This year was an incredibly busy and active year in the Humanities and Ethics Center. The Center is working hard to build a unique “divisional culture” in which students majoring in any one of our departments feels a sense of community and connection with the students in other majors and departments. The “Humanities” really is the unifying project that connects all of us, whether we are in History, Philosophy, Religion, English, Communication, or Languages. The more we can share stories, experiences, and approaches to what we do, the better – and stronger – we all are as practitioners.
So what did we do this year? Well, a lot.
We started off with a BBQ kickoff at the new Humanities House. It was a full house – students, faculty, administrators, and even the President showed up. There were great conversations and it was an awesome way to get the year rolling. In case you missed it, Dr. Panza almost burned the house down when the grill he was using on the porch started putting off excessive flames and he couldn’t figure out how to get it to stop!
Never a dull moment, in the Humanities.
Our Speaker Series was a real hit. On March 3rd, we hosted Dr. Adam Potthast, from Park University, who spoke on “The Dark Side of Human Rights: Should We Defend Rape Jokes, Fred Phelps, and Intolerant Cultures?” It was a packed house, and the audience really wanted
to see if Dr. Potthast would dare to defend the right of Fred Phelps to be publicly intolerant! On March 31st, we hosted Dr. Caroline Levine, from the University of Wisconsin @ Madison. She spoke on “Why Democracy Needs the Humanities and the Arts” and we had an awesome discussion afterward about infusing democratic societies with the controversial subjects that the humanities and arts cover.
In both cases, our speakers gave an evening talk and then helped to serve on a panel the next day at the community library. These discussions were filled, and the discussion was great – and in many cases, controversial! Many thanks to the Missouri Humanities Council, which provided a grant to make this possible.
Our Humanities Book Club worked very well. We held five book club meetings spread out across the spring in the Harwood Reading Room in the Olin Library. We had one on Dava Sobel’s Galileo’s Daughter: A Historical Memoir of Science, Faith, and Love, one on Marjane Satrapi, Complete Persepolis, one on Revolutionary Poetry, one on Jhumpa Lahiri’s Lowland, and one on Michael Pollan’s, Cooked.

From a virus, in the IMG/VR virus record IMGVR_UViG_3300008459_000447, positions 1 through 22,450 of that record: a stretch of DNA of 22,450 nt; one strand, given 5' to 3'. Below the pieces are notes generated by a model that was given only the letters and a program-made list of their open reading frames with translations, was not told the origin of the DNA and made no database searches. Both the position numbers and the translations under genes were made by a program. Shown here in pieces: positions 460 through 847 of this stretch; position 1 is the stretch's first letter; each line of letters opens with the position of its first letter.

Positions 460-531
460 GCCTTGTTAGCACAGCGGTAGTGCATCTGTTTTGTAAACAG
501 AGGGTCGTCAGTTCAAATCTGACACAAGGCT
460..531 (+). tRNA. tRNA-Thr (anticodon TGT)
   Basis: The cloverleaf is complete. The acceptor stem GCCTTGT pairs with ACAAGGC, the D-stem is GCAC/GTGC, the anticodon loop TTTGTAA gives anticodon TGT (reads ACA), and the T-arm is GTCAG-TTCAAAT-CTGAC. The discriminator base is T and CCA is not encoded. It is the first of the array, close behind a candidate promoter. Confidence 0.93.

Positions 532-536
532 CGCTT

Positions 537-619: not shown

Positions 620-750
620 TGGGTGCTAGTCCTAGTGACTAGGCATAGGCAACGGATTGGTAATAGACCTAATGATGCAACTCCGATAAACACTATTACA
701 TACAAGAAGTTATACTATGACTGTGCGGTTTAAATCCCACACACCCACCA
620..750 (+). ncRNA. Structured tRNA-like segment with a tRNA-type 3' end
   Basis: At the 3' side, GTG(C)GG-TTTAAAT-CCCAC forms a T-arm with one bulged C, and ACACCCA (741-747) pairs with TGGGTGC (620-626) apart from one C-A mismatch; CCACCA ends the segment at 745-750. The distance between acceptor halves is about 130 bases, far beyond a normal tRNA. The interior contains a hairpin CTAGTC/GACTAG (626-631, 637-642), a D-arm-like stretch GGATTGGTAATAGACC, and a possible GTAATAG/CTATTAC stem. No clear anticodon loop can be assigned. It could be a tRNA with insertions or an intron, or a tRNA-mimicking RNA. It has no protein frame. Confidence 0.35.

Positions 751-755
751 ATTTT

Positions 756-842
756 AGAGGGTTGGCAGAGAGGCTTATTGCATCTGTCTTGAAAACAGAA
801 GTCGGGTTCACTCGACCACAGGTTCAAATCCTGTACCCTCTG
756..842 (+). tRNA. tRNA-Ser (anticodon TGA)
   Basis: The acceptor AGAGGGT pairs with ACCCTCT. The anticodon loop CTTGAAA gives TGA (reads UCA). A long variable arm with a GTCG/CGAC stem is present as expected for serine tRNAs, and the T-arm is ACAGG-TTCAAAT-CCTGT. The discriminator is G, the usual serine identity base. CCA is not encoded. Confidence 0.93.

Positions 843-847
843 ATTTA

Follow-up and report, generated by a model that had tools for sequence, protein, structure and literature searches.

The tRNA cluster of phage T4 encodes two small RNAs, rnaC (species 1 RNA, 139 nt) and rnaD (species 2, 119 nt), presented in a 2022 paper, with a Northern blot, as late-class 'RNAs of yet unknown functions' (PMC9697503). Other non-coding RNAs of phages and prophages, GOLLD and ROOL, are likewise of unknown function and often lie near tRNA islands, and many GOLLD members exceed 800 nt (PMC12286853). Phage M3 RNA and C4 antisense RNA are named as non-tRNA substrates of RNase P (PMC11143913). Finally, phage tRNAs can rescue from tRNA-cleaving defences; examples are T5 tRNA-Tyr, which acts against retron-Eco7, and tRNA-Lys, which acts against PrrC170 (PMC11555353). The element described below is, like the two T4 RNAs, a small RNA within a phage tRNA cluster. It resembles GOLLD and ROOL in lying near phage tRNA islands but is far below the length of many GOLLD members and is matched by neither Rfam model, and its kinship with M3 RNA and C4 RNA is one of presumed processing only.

At one session – the Revolutionary Poetry, we had over 50 attendees! Wow!
We also had an amazing Film Series at the Moxie. We showed and discussed five films – Vittorio De Sica’s Bicycle Thieves (1948), Ingmar Bergman’s Seventh Seal (1952), Chris Rock’s Good Hair (2009), Ki-Duk Kim’s Spring, Summer, Fall, Winter …and Spring (2003), and Ang Lee’s Pride and Prejudice (2000). The
reception from the community was great. At one film, Bicycle Thieves, we almost blew out the theater with respect to capacity – almost 80 people showed up on a beautiful Saturday afternoon to talk about an old foreign film about life in post World War II Italy!
For all of our films, the mix of community members, faculty, and students was ideal. The discussions were long, and they were deep and meaningful.
The popcorn was good too! Thanks to the Missouri Arts Council for a grant that helped to make this possible.
In our Thinking Aloud series, we also held a number of informal talks on different subjects ranging from research to assessment to teaching, trying to bring what we do inside (in terms of teaching) and outside (in terms of scholarship and assessment) the classroom to students in the hopes of eliciting a meaningful dialog about academics in general.
This year, Katie Gilbert talked about writing, Keith Henderson talked about assessing what the Humanities does, Elizabeth Nichols talked about beauty norms, and Chris Panza talked about sports doping and Confucianism.
So what about next year?
Next year, you should expect to see more – and even better – activities from the division. We’re planning as we read this!
See you in the Fall. In the meantime, keep reading the blog, and follow us on Facebook and on Twitter!